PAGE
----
Yet some designers use this idea to avoid engaging with analytics data completely. It’s understandable – many bright people are uncomfortable with numbers – but it’s a shame, as analytics offers many insights to UX design.
Analytics Improves The Research Phase
Data provides valuable context for your research documentation. Adding pageviews to a content audit shows which areas are most popular. Plotting visit share on an information architecture shows whether it’s working. Recording drop-offs in a registration flow shows where users are having problems.
It’s not all numbers either – qualitative data is a great starting point for user research. Find words and phrases signalling intent in search logs. See which tasks people are doing, and how your site frustrates them, with the 4Q survey.
Analytics data also lets you quickly test your research conclusions. At CABE, user interviews suggested that people thought in subjects (‘housing’) rather than formats (‘policy papers’). We confirmed this with analytics. Being able to validate a single user’s opinion against a large dataset is very powerful.
Data Helps With Prioritisation
Whether you are putting together a wireframe or a prototype you need to make tough decisions to create a great visual hierarchy. Analytics can help. Historical data shows which interface elements people use most and current data shows how people interact with the live design.
At a larger scale, analytics can help you choose which design projects to actually do by quantifying their potential impact. Without this you risk wasting precious resources on projects that only benefit a tiny percentage of users.
Of course numbers never tell the whole story – there are still business goals, strategic aims and brand requirements – but they should always be in the mix.
Testing Reduces Risk
A/B and multivariate testing help you make design decisions because they take the risk out of getting it wrong. Instead of prevaricating for days over the copy or placement of elements you can make a best guess and test the alternatives.
Testing is great for building consensus too. Gather suggestions from colleagues in workshops or even placate the local HiPPO by including their preferred version. People invest more in the design process once they feel part of it, but prepare yourself for when their version converts better than yours!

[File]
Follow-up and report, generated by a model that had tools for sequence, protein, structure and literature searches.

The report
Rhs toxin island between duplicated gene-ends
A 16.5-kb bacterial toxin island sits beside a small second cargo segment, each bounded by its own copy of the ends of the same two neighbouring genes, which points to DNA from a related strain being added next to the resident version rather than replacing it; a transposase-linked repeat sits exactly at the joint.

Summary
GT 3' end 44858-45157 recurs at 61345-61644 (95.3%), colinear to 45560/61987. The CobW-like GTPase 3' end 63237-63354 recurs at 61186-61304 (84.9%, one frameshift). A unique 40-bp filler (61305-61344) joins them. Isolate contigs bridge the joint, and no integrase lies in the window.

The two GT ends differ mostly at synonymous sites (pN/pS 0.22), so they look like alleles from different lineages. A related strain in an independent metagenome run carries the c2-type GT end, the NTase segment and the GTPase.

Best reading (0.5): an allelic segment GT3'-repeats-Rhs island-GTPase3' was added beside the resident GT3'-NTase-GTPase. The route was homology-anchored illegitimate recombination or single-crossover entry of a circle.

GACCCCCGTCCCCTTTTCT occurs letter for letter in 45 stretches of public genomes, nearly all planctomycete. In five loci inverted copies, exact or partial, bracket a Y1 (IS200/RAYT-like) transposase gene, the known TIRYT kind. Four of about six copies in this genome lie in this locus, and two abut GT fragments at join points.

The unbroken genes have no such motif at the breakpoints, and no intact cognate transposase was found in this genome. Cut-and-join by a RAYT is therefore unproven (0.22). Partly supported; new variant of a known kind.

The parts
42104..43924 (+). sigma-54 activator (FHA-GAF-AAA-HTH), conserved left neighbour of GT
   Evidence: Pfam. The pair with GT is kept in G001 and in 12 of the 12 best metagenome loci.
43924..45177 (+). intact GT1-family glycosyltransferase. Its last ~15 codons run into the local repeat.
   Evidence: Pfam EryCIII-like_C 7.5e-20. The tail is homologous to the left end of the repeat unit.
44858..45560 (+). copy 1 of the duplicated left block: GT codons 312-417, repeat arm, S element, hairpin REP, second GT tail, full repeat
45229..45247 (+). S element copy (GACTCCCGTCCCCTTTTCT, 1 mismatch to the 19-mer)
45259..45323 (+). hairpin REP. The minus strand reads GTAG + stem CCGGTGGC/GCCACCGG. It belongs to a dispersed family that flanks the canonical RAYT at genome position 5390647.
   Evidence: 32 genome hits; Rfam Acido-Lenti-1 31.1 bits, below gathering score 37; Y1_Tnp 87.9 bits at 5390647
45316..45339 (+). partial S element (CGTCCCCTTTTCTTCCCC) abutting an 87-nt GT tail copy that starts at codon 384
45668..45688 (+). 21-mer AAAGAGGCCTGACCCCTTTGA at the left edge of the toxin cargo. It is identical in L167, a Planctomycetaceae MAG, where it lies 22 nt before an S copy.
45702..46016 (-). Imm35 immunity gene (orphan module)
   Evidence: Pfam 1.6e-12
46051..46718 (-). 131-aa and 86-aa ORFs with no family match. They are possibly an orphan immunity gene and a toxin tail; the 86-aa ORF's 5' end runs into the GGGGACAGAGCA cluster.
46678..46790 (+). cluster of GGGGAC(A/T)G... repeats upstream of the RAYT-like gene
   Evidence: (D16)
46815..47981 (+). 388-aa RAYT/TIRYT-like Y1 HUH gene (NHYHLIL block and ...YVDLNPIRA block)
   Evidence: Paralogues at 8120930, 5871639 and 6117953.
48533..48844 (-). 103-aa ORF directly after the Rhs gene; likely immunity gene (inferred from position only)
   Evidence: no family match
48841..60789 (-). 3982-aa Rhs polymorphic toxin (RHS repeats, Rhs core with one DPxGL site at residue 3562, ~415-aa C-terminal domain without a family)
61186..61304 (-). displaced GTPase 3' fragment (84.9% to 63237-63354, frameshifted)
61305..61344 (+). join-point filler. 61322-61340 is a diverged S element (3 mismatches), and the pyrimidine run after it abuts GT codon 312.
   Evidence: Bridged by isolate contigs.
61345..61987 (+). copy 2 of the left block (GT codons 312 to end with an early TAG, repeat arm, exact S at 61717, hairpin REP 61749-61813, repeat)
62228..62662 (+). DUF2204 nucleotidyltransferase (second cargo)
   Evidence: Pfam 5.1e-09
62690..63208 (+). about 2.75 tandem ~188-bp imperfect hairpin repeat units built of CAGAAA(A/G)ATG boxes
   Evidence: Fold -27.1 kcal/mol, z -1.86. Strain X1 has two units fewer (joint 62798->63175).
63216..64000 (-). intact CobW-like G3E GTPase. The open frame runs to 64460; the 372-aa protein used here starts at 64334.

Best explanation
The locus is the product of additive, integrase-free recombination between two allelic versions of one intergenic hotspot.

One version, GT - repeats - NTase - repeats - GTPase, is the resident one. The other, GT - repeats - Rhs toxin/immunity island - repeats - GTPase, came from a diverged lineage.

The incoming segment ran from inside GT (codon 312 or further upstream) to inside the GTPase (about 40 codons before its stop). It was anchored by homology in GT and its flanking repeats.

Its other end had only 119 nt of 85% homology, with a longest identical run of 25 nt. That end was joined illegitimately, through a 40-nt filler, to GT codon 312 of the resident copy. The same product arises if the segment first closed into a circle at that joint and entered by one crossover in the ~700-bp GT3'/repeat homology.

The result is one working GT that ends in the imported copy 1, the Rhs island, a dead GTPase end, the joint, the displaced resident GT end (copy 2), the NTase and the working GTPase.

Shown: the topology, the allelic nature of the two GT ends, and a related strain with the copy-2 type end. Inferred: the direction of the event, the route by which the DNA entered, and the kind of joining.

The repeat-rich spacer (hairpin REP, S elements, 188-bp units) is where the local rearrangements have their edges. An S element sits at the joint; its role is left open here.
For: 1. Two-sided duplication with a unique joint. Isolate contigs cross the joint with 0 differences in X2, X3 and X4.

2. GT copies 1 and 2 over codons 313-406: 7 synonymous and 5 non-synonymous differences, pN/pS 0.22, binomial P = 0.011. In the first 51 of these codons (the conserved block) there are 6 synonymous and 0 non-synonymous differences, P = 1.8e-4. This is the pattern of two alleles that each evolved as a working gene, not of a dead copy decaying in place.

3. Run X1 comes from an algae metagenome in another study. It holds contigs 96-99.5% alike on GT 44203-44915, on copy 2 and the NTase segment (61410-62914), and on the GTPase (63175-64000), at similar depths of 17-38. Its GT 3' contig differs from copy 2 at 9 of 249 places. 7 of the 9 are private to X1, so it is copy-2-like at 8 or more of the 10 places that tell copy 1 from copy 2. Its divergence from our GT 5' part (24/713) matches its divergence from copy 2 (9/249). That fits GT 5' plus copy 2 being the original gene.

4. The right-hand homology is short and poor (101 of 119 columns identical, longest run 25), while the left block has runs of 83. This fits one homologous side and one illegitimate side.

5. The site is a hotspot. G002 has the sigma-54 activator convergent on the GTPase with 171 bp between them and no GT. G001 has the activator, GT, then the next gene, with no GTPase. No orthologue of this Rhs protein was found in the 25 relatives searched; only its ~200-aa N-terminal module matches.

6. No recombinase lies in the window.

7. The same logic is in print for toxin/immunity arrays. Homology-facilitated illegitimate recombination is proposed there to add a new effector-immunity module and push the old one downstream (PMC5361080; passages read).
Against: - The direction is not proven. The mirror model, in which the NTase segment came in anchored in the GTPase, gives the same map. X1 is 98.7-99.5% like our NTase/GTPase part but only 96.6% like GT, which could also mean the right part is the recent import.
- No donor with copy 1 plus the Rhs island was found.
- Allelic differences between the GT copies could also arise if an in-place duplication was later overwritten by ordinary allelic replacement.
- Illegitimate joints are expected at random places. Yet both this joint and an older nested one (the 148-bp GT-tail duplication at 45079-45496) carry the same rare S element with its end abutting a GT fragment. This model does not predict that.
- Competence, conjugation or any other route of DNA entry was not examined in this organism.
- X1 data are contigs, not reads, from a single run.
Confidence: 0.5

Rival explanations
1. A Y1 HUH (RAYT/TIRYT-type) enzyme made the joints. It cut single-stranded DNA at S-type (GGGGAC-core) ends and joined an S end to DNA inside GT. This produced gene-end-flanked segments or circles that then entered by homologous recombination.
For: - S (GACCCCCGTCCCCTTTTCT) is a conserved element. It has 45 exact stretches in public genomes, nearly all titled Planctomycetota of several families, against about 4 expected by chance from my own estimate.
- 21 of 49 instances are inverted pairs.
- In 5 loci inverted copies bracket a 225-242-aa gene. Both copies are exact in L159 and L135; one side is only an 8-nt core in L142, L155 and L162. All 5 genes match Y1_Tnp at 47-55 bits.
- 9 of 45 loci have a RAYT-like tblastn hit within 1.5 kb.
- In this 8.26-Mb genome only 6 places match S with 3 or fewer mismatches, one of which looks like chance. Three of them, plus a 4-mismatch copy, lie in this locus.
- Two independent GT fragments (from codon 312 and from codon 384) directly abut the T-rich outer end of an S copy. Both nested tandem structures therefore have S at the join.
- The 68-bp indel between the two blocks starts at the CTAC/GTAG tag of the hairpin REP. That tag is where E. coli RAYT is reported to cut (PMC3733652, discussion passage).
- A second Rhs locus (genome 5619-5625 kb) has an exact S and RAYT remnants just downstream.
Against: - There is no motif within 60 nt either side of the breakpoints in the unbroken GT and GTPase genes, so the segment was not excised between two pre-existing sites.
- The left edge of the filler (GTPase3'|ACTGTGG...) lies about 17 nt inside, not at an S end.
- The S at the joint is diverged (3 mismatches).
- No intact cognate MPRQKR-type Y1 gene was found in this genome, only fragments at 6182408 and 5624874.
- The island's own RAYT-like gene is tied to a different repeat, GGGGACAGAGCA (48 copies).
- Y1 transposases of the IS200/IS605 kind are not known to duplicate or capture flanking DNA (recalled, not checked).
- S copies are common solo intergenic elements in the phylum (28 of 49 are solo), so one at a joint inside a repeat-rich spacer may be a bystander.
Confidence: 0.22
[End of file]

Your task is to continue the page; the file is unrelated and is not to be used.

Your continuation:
Analytics Speaks The Language Of Business
Business people feel more comfortable with numbers than opinions, so using analytics is a great way to sell ideas to the people who fund your projects.
A proposal based on increasing unique visitors is more convincing than one based on intuition alone. Better still would be to quantify the change in revenue gained or expenditure saved by calculating how much the extra visitors are worth (assign a goal value, see how many visitors reach the goal and multiply).
Yes, it’s tricky to make accurate predictions but you get better with practice. And when you deliver the promised increases, people start to trust your design work regardless of whether you quantify the impact upfront.
Getting Started With Web Analytics
- Read Avinash Kaushik
Avinash is the god of web analytics because he focuses on the difference between analysis (actionable insights) and reporting (‘puking’ data). Read his excellent blog and devour both of his books.
- Try out some tools
Play with free tools like Google Analytics (traffic data), 4Q survey (qualitative feedback), Crazy Egg (heatmaps) and Google Website Optimizer (A/B testing) to get a sense of how they work.
- Focus on what matters
In particular, conversions/goals/funnels (how many people do things you want), audience segmentation (splitting data based on characteristics) and event tracking (logging clicks on parts of the interface).
- Avoid the red herrings
‘Time on site’ is a not measure of engagement. ‘Visits’ or ‘pageviews’ on their own are bad metrics (traffic costs money – you want conversions). Path analysis rarely leads to useful insights. Never use the term ‘hits’. Ever.
- Communicate the data properly
Insight is useless if no one ‘gets’ it. Read Show Me The Numbers by Steven Few (practical advice), Visual Display of Quantitative Information (theoretical classic) and Information Is Beautiful by David McCandless (inspiration).
Web analytics isn’t an answer to every question and it’s never a replacement for talking to your users directly. In particular, data-driven design may never be able to improve your site beyond a theoretical local maximum.
But if you’re avoiding web analytics because it looks too complicated, chances are that you’re losing out on some great design insights.
Let me know what you think about this – particularly if I’ve missed any obvious uses or if you disagree with anything – on @myddelton. And big thanks to Katarzyna Stawarz for asking the question that inspired this post…